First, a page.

The leader of Britain’s car-insurance industry, James Dalton, has downplayed the introduction of self-driving cars saying that he “doesn’t think the term exists.”
Speaking at a conference in London organised by Volvo and the insurance industry’s Thatcham Research, Dalton, the boss of trade body ABI's car insurance division, questioned whether the vision of driverless cars by 2025 was realistic because so many complex problems are yet to be solved.
"I don’t like the term driverless car because I don’t think it exists. At least in the long-term a car is going to need a fit, alert and sober driver," he said.
Dalton believes the government will struggle to create a new regulatory framework capable of completely downplaying the role of a driver.
The DfT is currently consulting with the insurance and car industries on how to introduce driverless and cars, with a date of 2018 set to allow ‘autopilot control’ in which a driver will be able to take his/her hands off the steering wheel for just two minutes.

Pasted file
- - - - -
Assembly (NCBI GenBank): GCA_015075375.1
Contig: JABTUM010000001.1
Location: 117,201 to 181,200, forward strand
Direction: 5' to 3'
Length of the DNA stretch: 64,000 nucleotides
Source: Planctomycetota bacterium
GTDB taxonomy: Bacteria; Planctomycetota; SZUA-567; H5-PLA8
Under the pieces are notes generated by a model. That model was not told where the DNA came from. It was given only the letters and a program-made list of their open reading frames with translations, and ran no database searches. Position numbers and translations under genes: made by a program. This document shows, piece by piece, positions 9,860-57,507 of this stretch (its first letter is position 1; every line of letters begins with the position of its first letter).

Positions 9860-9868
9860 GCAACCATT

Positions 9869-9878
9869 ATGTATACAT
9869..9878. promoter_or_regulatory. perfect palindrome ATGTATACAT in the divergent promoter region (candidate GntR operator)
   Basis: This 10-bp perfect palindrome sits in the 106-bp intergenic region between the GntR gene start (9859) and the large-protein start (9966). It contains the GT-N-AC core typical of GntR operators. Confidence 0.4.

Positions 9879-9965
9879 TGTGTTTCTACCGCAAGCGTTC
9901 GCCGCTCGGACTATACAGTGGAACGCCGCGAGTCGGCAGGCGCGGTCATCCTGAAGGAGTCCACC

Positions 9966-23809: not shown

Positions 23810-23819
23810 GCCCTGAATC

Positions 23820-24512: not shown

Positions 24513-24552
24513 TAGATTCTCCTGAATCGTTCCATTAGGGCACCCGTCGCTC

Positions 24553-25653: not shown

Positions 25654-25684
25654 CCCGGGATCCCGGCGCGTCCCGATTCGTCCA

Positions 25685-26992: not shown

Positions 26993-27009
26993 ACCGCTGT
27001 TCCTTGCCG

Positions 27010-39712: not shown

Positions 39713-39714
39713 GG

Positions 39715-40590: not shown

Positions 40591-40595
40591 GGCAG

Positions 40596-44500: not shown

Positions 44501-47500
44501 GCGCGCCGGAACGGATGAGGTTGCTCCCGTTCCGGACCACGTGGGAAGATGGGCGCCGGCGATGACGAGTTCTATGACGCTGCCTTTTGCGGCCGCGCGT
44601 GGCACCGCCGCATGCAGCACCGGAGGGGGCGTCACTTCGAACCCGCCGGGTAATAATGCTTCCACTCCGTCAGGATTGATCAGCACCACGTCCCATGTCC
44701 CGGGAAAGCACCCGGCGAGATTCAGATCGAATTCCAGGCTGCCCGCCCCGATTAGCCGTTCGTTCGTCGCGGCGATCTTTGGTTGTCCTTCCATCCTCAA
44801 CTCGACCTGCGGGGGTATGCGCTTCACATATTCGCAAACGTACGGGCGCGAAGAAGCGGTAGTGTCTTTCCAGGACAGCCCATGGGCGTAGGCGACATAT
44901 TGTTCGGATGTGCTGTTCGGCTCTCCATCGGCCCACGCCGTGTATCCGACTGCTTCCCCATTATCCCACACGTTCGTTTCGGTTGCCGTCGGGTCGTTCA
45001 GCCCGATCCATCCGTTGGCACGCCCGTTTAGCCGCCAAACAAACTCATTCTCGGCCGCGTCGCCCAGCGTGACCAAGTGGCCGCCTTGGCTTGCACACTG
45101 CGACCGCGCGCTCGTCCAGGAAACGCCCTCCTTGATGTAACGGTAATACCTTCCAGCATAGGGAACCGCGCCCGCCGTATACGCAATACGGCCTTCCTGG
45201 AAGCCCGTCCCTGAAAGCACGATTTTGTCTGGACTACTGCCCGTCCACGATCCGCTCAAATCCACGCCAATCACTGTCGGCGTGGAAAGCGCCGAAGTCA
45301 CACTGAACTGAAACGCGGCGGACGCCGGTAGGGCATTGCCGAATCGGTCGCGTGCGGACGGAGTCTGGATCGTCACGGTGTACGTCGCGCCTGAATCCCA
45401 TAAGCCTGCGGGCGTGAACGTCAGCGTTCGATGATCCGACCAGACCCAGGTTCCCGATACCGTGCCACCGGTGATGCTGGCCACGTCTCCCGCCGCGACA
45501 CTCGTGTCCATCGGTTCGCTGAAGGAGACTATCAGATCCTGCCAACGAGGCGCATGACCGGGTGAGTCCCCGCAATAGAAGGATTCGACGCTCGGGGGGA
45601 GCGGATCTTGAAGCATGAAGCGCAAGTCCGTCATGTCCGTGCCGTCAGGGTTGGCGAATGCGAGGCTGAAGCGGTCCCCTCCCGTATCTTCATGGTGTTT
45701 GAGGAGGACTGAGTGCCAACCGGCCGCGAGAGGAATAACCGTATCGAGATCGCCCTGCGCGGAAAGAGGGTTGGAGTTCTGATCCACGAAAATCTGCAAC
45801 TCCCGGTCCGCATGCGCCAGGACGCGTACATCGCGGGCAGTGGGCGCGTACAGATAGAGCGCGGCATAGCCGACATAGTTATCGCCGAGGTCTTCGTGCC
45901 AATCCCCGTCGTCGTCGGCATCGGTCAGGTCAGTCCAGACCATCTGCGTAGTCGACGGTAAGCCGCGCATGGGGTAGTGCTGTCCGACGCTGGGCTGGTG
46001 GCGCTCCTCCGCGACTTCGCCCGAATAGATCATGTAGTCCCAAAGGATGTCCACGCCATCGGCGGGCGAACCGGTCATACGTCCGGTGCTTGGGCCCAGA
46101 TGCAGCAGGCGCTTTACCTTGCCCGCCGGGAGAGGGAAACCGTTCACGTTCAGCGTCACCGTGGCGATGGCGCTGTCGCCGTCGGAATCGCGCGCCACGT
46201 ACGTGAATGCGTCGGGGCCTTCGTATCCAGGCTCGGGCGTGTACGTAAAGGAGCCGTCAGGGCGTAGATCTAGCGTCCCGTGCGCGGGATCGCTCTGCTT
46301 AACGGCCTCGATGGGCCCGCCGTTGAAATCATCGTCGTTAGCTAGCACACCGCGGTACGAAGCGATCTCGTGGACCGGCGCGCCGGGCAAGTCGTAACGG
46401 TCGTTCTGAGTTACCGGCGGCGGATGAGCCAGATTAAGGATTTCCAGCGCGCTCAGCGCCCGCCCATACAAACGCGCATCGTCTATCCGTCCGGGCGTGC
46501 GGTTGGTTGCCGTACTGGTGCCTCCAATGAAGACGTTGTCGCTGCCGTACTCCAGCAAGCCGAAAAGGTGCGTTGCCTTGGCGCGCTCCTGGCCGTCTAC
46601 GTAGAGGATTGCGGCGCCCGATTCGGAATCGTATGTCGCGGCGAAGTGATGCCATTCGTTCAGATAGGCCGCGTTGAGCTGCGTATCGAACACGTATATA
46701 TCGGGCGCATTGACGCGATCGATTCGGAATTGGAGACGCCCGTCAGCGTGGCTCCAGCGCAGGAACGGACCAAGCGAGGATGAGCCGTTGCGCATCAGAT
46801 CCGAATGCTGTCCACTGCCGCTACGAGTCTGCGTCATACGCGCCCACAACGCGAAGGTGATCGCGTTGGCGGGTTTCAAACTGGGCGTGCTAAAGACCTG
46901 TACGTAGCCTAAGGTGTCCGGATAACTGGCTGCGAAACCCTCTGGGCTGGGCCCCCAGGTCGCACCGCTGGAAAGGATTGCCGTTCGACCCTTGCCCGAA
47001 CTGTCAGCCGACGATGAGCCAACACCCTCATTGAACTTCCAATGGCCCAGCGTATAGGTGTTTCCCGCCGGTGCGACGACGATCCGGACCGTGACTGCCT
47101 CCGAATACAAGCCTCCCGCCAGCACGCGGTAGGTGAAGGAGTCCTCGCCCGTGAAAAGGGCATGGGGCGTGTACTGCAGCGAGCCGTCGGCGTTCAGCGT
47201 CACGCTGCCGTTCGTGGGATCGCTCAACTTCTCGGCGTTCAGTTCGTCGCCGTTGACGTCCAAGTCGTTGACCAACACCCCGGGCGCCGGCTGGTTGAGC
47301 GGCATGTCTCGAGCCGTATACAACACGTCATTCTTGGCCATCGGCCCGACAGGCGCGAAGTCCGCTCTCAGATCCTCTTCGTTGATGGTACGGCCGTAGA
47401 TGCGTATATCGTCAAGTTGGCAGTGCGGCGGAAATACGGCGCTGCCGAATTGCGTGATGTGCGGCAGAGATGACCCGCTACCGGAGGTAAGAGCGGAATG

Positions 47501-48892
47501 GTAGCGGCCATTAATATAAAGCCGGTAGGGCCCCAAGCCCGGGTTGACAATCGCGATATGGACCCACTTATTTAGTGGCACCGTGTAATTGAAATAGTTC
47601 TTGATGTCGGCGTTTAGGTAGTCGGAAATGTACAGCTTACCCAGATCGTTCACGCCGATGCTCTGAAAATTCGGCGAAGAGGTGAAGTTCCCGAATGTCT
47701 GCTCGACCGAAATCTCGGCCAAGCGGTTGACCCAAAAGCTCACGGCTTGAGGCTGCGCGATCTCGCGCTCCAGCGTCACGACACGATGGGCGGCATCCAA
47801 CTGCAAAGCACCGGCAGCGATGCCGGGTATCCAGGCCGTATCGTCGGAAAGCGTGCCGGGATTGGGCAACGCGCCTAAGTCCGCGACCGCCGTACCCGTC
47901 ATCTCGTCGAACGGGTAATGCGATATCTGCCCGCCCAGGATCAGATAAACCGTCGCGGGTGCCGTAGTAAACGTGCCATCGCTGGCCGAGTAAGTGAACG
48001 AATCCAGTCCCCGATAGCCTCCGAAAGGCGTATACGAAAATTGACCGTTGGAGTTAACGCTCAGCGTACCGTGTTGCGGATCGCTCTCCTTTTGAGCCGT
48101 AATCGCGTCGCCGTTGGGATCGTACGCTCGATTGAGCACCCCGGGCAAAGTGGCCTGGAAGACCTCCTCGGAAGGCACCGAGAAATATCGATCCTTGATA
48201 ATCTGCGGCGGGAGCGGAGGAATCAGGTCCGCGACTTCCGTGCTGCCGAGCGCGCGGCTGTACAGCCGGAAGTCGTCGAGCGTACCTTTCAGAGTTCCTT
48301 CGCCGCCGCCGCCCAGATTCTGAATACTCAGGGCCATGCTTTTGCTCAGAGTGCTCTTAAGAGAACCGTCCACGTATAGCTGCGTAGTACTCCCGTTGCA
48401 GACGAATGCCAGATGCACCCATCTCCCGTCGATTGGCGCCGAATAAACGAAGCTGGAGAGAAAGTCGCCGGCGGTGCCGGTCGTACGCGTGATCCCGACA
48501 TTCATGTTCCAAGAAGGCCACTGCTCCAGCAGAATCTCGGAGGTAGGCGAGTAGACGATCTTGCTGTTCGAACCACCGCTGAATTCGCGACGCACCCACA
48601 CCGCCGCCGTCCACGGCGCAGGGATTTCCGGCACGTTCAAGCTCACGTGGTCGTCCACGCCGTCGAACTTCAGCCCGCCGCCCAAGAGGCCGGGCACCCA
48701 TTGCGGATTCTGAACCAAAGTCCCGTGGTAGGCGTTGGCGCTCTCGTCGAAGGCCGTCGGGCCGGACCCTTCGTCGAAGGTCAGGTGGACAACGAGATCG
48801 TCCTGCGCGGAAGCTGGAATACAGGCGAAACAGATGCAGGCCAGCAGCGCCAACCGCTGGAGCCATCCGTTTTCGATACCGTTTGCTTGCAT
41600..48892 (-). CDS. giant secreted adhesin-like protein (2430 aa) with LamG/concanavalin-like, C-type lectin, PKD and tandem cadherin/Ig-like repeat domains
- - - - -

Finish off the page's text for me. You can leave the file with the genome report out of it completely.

Experts at the conference suggest 2025 as the year when a car will be able to driver-itself door-to-door, without as yet specifying whether the driver will be able to cease any form of control.
One of the attractions for the insurance industry of autonomous cars is the possible enormous reduction of accidents, predicted by Peter Shaw, chief executive of Thatcham Research. He predicts that there will be 80% fewer crashes in 10 years time.
"Autonomous driving will be the biggest revolution in vehicle safety-ever. Full-stop," said Shaw.
To get this far, however, the legal framework and allocation of blame in an accident will have to be overhauled.
"In essence what we have in the current system – of negligence will have to evolve. How blame may be assigned will evolve," said Tim Marlow, head of autonomous vehicles at Ageas.
Volvo has already said that it will accept the blame in an accident involving one of its self-driving cars if the car is at fault, but how that will work in practice is still unclear.
Erik Coelingh, boss of Volvo’s autonomous driving department, said that its cars will record multiple channels of data, which can be used to allocate blame to either the driver or the car after an accident.
Speaking on the panel at the event, Autocar and What Car? editorial director Jim Holder quoted a What Car? reader survey that showed 69% of respondents found the idea of self-driving cars "unappealing".